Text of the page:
The term “palliative care” has been bandied about quite a bit as of late. But what does it mean? On Monday’s St. Louis on the Air, three people joined host Don Marsh to discuss what palliative care means and how it differs from hospice care.
Joining the program to discuss palliative care:
- Maria Dans, MD, clinical director of Palliative Care Services at Washington University School of Medicine
- Patrick White, MD, medical director of BJC Hospice
- Barbara Westland, RN, director of BJC Hospice
What is palliative care, exactly?
“It is something that builds on traditional medical care,” said Dans. “There is the use of an interdisciplinary team. We’ve got a physician, nurse, social worker, chaplain and we’re working together to help patients and families. Most of these people have life-limiting, serious illnesses. Obviously, there are a number of challenges that go along with that. Not simply physical symptoms but also spiritual, psycho-social, financial issues. Palliative care is not prognosis-limited. As long as you have a serious illness, our team will be happy to see you.”
What is the difference between palliative care and hospice?
“The practical difference between palliative care and hospice is that palliative care tends to be provided on an in-patient basis in acute-care hospitals,” Dans said. “Most places that have a palliative care program have an in-patient consultative program as opposed to hospice which is provided in a long-term care facility or in people’s homes.”
“Our focus with hospice care is for patients with a life-limiting illness, we’re talking about the last 6 months of life, and what we want to do is to support them to achieve their goals and needs,” said White. “We help to keep patients in their home and keep the vast majority of care there while we’re helping to treat their symptoms. We think of palliative care as early-on, starting out.”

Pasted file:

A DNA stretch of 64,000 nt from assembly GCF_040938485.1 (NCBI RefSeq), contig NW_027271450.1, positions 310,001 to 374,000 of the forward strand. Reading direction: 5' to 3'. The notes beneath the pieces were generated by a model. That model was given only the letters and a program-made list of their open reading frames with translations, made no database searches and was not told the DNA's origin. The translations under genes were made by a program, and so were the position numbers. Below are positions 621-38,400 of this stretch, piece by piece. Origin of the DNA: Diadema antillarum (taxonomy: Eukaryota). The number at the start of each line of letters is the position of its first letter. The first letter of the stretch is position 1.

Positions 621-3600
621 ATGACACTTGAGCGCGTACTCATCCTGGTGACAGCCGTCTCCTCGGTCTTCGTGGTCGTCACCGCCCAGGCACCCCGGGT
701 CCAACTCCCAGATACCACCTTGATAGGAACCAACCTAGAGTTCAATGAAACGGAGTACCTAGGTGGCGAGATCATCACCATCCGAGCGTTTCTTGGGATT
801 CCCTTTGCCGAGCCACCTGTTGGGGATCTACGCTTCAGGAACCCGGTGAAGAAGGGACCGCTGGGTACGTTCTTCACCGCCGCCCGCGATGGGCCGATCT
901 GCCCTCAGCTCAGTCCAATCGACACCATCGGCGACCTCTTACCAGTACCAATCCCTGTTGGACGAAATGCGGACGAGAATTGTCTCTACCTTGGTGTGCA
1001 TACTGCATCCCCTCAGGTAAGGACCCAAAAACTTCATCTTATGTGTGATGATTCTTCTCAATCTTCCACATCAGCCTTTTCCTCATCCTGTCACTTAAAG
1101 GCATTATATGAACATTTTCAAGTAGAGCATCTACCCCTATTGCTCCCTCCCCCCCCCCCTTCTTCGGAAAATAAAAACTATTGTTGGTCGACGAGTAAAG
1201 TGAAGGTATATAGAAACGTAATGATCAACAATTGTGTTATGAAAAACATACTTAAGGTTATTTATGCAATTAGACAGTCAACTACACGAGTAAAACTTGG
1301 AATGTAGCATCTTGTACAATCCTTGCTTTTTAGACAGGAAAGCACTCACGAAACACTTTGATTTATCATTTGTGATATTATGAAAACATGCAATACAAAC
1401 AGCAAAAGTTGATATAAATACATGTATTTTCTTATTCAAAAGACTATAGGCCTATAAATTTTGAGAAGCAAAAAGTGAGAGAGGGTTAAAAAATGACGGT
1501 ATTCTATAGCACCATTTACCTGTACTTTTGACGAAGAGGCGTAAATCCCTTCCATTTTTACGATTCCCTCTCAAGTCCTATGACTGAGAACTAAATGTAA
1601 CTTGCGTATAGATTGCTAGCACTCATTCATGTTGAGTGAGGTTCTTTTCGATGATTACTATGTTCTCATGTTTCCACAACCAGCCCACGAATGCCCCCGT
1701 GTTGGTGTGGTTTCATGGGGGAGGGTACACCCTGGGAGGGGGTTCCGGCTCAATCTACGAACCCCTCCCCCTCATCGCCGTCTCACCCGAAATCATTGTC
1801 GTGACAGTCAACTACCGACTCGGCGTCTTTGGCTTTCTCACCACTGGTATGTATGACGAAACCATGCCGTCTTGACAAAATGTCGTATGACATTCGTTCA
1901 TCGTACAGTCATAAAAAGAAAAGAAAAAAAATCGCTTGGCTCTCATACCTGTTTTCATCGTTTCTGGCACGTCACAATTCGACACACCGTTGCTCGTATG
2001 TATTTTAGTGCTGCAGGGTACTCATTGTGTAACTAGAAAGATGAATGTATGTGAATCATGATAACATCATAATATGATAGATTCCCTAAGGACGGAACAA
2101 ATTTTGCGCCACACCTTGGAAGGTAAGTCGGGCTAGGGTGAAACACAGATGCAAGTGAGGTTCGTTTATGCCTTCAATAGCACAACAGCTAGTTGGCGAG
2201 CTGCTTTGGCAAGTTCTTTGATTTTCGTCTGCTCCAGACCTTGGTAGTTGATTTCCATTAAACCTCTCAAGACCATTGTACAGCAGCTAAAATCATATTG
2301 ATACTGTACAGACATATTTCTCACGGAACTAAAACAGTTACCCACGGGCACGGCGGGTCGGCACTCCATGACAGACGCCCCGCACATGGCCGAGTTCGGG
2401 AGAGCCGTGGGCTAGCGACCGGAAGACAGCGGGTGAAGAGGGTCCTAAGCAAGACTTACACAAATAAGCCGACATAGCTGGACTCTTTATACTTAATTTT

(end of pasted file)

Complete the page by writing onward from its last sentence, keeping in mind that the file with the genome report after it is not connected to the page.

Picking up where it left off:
“Hospice is palliative care,” said Westland. “But palliative care is not always hospice. Palliative care is earlier in the disease trajectory.”
How long has palliative care been in practice?
Since 2006, officially.
How are social workers involved?
“Our social worker spends a lot of time talking about advanced care planning but also counseling, listening, helping people clarify medical illnesses,” said Dans. “We wouldn’t be able to do what we do without her.”
“In terms of hospice, the social worker role is similar to the palliative care role,” Westland said. “One of the things the social workers help with is to really bring the family together and helping with any conflict that may be occurring in supporting and offering guidance to the family. This is a process we only do once so to have the support of people who have worked in the field means a tremendous amount to our families.”
How old are palliative care patients?
“We actually take care of children as young as infants and newborns to, I think my oldest is 106 years old,” said White. “We have quite a spectrum of ages.”
Have more questions about palliative care? Listen to the segment here:
St. Louis on the Air brings you the stories of St. Louis and the people who live, work and create in our region. St. Louis on the Air host Don Marsh and producers Mary Edwards, Alex Heuer and Kelly Moffitt give you the information you need